AIR ASSAULT II: the test

To test division-level operations, the 11th Air Assault Division (Test) was activated for field exercises. The culmination of the tests was an exercise called AIR ASSAULT II, pitting the airmobile division against the 82nd Airborne Division, the latter a paratroop division moved by Air Force transports and having close air support from Air Force combat aircraft. [2]

AIR ASSAULT II's test director -- referee in civilian terms -- was MG Charles W.G. Rich Rich. It literally began in a hurricane, with the ruling that wars rarely were called for rain. Afterwards, the commanders and directors commented:

Air assault operations as pioneered on Exercise AIR ASSAULT II have a dynamic potential. Seldom do we see a new military concept which can contribute so decisively throughout the entire spectrum of warfare. Certain air assault techniques used during Exercise AIR ASSAULT II would be unacceptably hazardous in actual combat. However, these deficiencies can be corrected and do not detract from the validity of the overall concept. — MG Robert H. York, commanding 82nd Airborne Division in AIR ASSAULT II
Beyond what I believe to be its capabilities to perform roles normal to other divisions, I am even more impressed by what I feel is its ability to perform in unique ways beyond the abilities of other divisions. For example, in a low scale war, I believe it can exert control over a much wider area and with much more speed and flexibility and with much less concern for the problems of interdicted ground communications or of difficult terrain. In higher scales of war, I see in this division an unparalleled reserve or screening force capable of operating over very large frontages. By properly picking times, places, and methods, I believe it can also operate with devastating effect against the rear of the enemy. Faced with threat or use of nuclear weapons, I believe it can widely disperse and yet, when required, quickly mass (even over irradiated ground, blown down forests or rubbled cities), strike an enemy, then disperse again. — MG Harry O. Kinnard, commanding 11th Air Assault Division (Test) in AIR ASSAULT II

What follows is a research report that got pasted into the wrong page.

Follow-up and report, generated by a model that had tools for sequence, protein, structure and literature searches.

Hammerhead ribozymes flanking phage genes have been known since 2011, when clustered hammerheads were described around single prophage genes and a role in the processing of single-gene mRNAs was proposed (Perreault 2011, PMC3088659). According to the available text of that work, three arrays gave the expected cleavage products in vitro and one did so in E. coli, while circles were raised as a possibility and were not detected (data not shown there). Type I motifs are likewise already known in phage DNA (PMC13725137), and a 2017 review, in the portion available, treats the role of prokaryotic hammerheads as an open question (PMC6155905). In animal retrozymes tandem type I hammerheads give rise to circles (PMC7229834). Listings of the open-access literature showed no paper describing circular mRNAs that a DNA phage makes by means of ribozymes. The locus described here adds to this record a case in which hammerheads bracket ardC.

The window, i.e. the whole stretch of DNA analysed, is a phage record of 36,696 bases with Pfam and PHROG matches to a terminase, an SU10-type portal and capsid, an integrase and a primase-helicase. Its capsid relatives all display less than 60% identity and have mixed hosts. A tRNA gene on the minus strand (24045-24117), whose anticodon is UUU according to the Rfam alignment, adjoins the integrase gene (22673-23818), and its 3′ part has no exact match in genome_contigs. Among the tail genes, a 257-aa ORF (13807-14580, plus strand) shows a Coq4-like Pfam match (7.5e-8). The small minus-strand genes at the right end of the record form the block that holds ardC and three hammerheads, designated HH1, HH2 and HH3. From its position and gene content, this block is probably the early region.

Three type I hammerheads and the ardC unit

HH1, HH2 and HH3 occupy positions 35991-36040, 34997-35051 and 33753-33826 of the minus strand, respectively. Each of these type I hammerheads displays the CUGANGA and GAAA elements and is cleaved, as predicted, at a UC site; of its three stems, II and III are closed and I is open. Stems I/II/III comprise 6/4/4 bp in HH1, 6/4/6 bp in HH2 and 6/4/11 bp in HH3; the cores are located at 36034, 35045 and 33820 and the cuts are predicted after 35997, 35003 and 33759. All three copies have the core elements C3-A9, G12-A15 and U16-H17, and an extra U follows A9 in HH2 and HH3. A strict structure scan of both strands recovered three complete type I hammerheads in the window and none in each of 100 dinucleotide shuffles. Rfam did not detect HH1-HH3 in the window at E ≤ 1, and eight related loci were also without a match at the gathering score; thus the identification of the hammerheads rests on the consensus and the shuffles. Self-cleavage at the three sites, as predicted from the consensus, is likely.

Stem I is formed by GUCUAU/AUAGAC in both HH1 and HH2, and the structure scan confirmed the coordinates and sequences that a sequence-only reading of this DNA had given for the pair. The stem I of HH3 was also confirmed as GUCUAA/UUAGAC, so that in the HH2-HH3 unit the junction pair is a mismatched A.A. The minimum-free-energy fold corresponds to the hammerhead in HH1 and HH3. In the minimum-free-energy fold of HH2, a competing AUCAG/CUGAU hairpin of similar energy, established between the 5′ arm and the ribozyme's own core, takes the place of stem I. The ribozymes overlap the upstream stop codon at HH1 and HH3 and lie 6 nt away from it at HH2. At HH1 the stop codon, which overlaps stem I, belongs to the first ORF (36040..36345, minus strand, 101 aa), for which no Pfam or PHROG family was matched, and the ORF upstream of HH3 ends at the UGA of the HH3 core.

MG Rich, while observing there was much to be learned, recommended the development of an Army air assault division. His informal summary is informative: "I wish to distinguish between three fundamental levels of airmobility:

  • First, an aviation unit can be given to a combat force on a temporary basis for a specific operation. This is equivalent to a corps truck company attached to a division for a one time move. Such an operation involves two separate staffs working out detailed plans to integrate the SOP's and techniques of two separately trained organizations.
  • The second level is represented by the organic aviation in a ROAD Division. This approach benefits from unity of command, day-to-day training and intangibles such as esprit. But it is limited to a company lift capability; does not permit replacement of ground vehicles by aircraft; its equipment is not tailored to aircraft capabilities; and it could never represent the primary thrust of the division.
  • At the third level a much greater gain is possible when the organization is specifically trained and equipped to exploit the continuing close tactical integration of heliborne lift as a primary means of maneuver, accompanied by readily available aerial fires and by highly responsive aerial reconnaissance and support systems. In my opinion, the combat power offered at these three levels rises on a geometric, rather than an arithmetic scale, and only at the third level do we find a new potential in the tempo of operations, in range over extended distances and in freedom from heretofore formidable terrain obstacles."

References

  1. Graves, Thomas C., Transforming the Force: The 11th Air Assault Division (Test) from 1963-1965, School of Advanced Military Studies, U.S. Army Command and General Staff College, ADA381779
  2. Tolson, John J. (1989), Chapter III: The Early Years in the United States, 1963-1965, Vietnam Studies: Airmobility 1961-1981, Center for Military History, U.S. Department of the Army